It is never easy watching a parent become elderly or incapacitated to the point that as an adult, you have to step in and assume responsibility. I remember when my mother had to take away her father's driver's license because his Alzheimer's was progressing and he kept getting lost. The last time he drove, he was going to a family member's wedding and ended up lost on once familiar roads. He was hundreds of miles away and my mother had to go rescue him.
I'm sure my family's story is not that different from others who have had to take over their parents responsibilities and become caregivers. Some individuals have had the role suddenly thrust upon them, leaving them to wonder what they should do to properly care for their parents. Should they quit their job? Where did their parent keep all of their financial papers? What will people think of them if they put an ailing parent in a nursing home?
Being a caregiver of a disabled parent is different for everyone, and most people try to do their best for the people who cared for them as children. When the roles are reversed, it can be difficult to be assertive and perhaps take control of their parents' lives. They don't want to jeopardize their relationships with their parents, but sometimes they have no choice.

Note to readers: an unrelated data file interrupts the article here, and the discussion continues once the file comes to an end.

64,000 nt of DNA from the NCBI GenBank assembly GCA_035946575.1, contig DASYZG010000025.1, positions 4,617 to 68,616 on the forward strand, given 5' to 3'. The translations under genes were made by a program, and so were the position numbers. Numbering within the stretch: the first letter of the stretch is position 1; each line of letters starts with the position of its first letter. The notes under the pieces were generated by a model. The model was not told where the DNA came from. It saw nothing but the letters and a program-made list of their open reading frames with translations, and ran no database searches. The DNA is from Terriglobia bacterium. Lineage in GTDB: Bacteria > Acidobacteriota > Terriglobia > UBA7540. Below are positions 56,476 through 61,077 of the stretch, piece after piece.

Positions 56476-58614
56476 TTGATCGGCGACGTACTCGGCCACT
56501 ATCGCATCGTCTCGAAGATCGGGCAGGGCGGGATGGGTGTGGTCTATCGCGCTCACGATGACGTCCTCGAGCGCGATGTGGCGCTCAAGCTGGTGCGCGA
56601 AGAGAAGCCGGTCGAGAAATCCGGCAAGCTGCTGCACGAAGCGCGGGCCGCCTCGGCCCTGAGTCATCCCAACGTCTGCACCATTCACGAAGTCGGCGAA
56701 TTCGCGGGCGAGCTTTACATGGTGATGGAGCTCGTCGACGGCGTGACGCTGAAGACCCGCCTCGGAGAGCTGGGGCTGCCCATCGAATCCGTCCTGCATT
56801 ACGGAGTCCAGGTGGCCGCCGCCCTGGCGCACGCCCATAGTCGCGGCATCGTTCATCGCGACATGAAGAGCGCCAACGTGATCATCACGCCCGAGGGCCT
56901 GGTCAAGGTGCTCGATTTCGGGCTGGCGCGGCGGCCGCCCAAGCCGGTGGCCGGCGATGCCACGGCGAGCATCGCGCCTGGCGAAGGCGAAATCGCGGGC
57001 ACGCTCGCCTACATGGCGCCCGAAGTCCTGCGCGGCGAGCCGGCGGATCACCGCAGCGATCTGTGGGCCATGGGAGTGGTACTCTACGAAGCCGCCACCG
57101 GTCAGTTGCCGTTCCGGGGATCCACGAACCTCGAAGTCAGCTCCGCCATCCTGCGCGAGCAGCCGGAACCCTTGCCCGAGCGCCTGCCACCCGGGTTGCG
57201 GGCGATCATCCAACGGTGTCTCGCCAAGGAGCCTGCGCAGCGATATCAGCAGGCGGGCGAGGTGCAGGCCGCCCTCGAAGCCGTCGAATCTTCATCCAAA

For those that have found themselves in this position, there may be difficulties at first, especially if a parent is resisting being cared for. There can be many legal issues as well, that are best addressed by a lawyer or legal counsel locally, as state and federal laws vary. There may also be financial considerations, such as how to pay for home health care, adult day care or nursing homes. If you have questions about how to handle the complexities of this situation, check with your county Social Services Agency or the National Council on Aging. These organizations can provide you with information on services available to caregivers in your area.